I can't decide if it's reassuring or frightening that the slogan of the organization sponsoring World IPv6 Day is "The Future is Forever."
On one hand it implies that if we don't handle migrations and integrations to IPv6 well, we will still have plenty of time to screw up other things before we lose the whole "future" thing.
Not that there's not a good reason for it.
The Internet Society says the goal of IPv6 Day is " to motivate organizations across the industry — Internet service providers, hardware makers, operating system vendors and web companies — to prepare their services for IPv6 to ensure a successful transition as IPv4 address space runs out."
It's a reasonable goal and genuine issue, especially considering how completely most corporate IT and IT industry organizations have ignored IPv6 since it was proposed 70 or 80 years ago as a long-term fix for fundamental problems with the structure of the Internet.
The cognoscenti – even the networking geeks – continue to avoid IPv6 and anything connected with it as energetically as they can.
Most organizations assign a couple of the more anal/retentive of their net infrastructure people to set up mapping/conversion interfaces so the organization can keep talking to parts of the 'net that have gone 6 – or even to convert much or all of the internal infrastructure to V6, as long as no one else has to know about it.
As important as V6 is, it's not on most people's minds because it should not be.
Except for net infrastructure specialists, web-app programmers, security wonks and the service companies in each of those areas, numerical network addressing should be invisible; it's only slightly less complete a machine-language concern than I/O addressing or raw data expressed in binary.
Even the people who invented IPv4 – whose number scheme is at least possible to remember without writing down – didn't want to deal with numerical addressing every day. They invented DNS specifically so they could know as little as they could about network addressing, and rightly so.
There are a lot of critical issues in technology, and half a dozen technical specialties and specialists to deal with them.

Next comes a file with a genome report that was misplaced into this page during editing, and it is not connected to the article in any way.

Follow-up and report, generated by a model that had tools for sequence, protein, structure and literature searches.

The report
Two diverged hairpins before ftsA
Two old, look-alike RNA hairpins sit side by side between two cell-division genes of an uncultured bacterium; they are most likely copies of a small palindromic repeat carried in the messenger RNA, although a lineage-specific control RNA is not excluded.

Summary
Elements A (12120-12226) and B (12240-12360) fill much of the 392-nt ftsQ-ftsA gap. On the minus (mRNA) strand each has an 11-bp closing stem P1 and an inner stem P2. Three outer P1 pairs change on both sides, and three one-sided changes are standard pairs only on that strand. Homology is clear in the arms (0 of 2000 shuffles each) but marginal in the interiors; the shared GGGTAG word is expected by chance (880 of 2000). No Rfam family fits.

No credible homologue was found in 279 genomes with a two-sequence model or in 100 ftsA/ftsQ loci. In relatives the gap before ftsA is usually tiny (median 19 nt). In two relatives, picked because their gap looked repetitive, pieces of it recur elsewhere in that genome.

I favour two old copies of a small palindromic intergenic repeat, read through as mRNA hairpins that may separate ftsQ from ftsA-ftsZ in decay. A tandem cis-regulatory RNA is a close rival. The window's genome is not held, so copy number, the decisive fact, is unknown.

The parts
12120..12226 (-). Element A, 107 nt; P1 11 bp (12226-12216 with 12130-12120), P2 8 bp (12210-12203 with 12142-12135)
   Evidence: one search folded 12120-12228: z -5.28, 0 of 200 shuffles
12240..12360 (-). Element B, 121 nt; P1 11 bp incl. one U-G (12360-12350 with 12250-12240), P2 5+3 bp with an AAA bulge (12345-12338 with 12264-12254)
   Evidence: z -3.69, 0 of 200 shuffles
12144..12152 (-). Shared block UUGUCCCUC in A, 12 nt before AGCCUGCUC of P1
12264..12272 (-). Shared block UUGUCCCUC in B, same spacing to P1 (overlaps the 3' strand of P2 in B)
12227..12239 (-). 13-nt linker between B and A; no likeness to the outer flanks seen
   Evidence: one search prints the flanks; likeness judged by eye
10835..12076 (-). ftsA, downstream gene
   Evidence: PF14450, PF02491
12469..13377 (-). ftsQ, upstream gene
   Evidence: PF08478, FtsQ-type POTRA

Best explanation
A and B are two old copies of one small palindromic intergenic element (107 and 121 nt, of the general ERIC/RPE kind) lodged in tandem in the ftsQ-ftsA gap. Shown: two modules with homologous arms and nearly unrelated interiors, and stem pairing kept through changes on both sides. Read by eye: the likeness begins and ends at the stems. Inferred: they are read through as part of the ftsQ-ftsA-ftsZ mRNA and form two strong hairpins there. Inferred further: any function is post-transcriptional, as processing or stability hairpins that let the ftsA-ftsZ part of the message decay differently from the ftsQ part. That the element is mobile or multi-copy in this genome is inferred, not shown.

Demanding that everyone else pay close attention to how they solve a specific one of those critical problems – beyond making sure they're funded and given all the tools they need to accomplish it – is like asking fans at a horse race to understand concerns about the condition of dirt on the track from the point of view of the horse.
Beyond knowing whether the horse runs well on mud, grass or linoleum to help them know which way to bet, most fans could care less about the composition of the dirt, weight of the tractor and drag-net used to flatten the surface, or type of metal used in the horseshoes.
Converting to and integrating with IPv6 is a critical, almost universal issue for organizations connecting to the Internet.
It's not one that requires the attention and approval of everyone who cares about anything having to do with either IT or the 'net.
Ginning up a fake holiday to try to get people to care is just cheap marketing designed to pressure IT people who are already trying to keep up with too many technologies outside their specialty, to add one more to the list, even when someone else is already fixing the problem.
So migrate to IPv6, pay your IPv6 specialists well and give them all the tools they need; remind other people to do the same.
Forget about IPv6 Day. The issue is real, the holiday is bogus.
No one even sent me a card.